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Compensating the Business Owner -- Part II

By Alice Magos | July 06, 2012

In part one, we examined the primary way to withdraw cash: your salary or owner's draw. In this, the second and final part, we'll discuss some other ways to use your business to improve your lifestyle.

As your business begins to take hold and your cash flow stabilizes, you may want to think about ways in which you can remove more money from the business in order to invest, to upgrade your lifestyle, or even to pursue another business venture.

Aside from your basic salary or owner's draw, there are a number of ways in which you can take advantage of favorable tax laws and use the business to maximize your wealth.

Corporate dividends. Dividends sound nice. You buy a stock, it pays dividends, and you're a happy investor. In fact, if you own a C corporation and it owns some GM or Disney or IBM, a whopping 70 percent of the dividends your company receives from those investments are excluded from taxation (as long as your company owns less than 50 percent of GM, Disney, or IBM, that is).

But for a privately held company, dividends are usually an expensive pain in the neck. When your closely held company pays dividends to you and your fellow shareholders, you must pay income tax on them, but your company does not enjoy a deduction for them. Hey, that's double taxation, you say! And you're right, it is!

On the other hand, your salary is subject to FICA taxes, whereas dividends are not. So, if your corporation's tax rate is 15 percent, it's worth it to pay at least some dividends in lieu of salary. An amount paid as dividends may be taxed twice (at the corporate tax rate, and then again at the individual tax rate), but your salary is essentially taxed twice also (at the combined FICA tax rate of 13.30 percent (15.30 after 2012) and again at the individual tax rate). The minute your company makes more than $50,000, it gets into the 25 percent corporate bracket and payroll taxes look cheap by comparison.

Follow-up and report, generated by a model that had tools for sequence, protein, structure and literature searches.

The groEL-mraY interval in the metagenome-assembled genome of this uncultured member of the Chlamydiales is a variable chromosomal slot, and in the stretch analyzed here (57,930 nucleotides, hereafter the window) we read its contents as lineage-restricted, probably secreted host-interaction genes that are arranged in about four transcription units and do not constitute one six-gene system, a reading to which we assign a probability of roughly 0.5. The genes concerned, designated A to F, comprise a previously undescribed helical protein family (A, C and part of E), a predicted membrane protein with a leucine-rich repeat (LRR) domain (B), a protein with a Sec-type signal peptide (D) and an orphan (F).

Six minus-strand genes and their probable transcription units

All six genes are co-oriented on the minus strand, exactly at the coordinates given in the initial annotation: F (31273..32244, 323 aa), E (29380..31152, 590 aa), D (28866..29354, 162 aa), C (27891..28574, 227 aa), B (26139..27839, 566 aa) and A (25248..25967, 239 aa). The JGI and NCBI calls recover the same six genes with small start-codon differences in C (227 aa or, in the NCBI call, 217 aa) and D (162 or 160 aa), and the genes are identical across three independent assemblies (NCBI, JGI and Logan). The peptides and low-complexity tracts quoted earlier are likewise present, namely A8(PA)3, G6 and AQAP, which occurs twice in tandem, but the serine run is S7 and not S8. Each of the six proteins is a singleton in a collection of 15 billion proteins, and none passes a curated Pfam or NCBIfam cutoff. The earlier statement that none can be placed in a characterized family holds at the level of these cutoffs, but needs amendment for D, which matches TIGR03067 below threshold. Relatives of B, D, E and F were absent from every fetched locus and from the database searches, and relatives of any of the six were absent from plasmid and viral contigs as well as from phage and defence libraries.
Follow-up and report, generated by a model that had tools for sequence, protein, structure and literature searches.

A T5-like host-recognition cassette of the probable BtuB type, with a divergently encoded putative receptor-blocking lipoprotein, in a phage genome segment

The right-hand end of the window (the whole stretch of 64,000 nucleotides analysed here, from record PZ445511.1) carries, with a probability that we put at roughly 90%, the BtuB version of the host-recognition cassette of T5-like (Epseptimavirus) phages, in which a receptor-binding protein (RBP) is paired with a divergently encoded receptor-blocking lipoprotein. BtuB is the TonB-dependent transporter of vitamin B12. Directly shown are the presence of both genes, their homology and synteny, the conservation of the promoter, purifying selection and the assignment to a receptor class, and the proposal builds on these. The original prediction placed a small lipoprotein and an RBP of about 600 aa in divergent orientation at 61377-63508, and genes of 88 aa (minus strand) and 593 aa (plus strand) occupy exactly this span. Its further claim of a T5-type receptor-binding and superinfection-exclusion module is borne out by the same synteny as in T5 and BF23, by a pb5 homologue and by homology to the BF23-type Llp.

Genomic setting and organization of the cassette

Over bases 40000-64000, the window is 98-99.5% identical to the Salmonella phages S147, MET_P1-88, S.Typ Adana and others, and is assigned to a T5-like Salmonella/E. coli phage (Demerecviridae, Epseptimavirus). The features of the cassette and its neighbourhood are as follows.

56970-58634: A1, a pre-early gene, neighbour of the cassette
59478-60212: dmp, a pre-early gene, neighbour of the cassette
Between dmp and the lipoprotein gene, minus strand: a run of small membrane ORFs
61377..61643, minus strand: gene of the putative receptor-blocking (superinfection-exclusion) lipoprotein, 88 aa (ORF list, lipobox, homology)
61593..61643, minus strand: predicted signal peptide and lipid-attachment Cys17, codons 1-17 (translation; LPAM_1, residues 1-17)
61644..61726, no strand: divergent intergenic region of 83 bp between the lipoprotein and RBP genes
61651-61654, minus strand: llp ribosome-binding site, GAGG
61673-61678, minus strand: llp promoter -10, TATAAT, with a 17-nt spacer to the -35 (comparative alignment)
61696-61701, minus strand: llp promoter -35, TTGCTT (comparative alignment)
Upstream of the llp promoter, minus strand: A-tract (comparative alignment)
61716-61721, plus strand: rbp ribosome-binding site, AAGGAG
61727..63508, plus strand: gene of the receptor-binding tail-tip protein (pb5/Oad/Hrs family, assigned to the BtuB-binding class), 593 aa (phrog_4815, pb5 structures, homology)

Also beware of the rule that if you don't pay all your profits out, your company could get socked with an accumulated earnings tax. A C corporation can usually retain up to $250,000 without adverse consequences, but a personal service corporation can only retain $150,000. Both types of entities may be permitted to retain amounts in excess of these limits if it can be demonstrated that the additional working capital meets the reasonable needs of the business; for example, if you need to retain cash to buy a new plant.

There is a happy medium to be struck in your dividend policy. If your firm is profitable, it's usually wise to declare a modest but regular dividend. Think of it as insurance against future audits.

Bonuses. In a C corporation, paying yourself a large, last-minute bonus at the end of a good year is not a habit you want to get into. A large end-of-year bonus will frequently be attacked by the IRS as a disguised dividend. Bonuses in a C corporation should be performance-based, with parameters established and documented in writing in advance.

On the other hand, if your business is organized as a sole proprietorship, partnership, LLC, or S corporation, it's not a bad idea to take a small owner's draw during the year, and then pay yourself a year-end bonus after you know how profitable your operation was that year. Regardless of what the payments are called, all the profits will be taxable to the owners, so the IRS has little concern about the timing of bonuses for these types of businesses.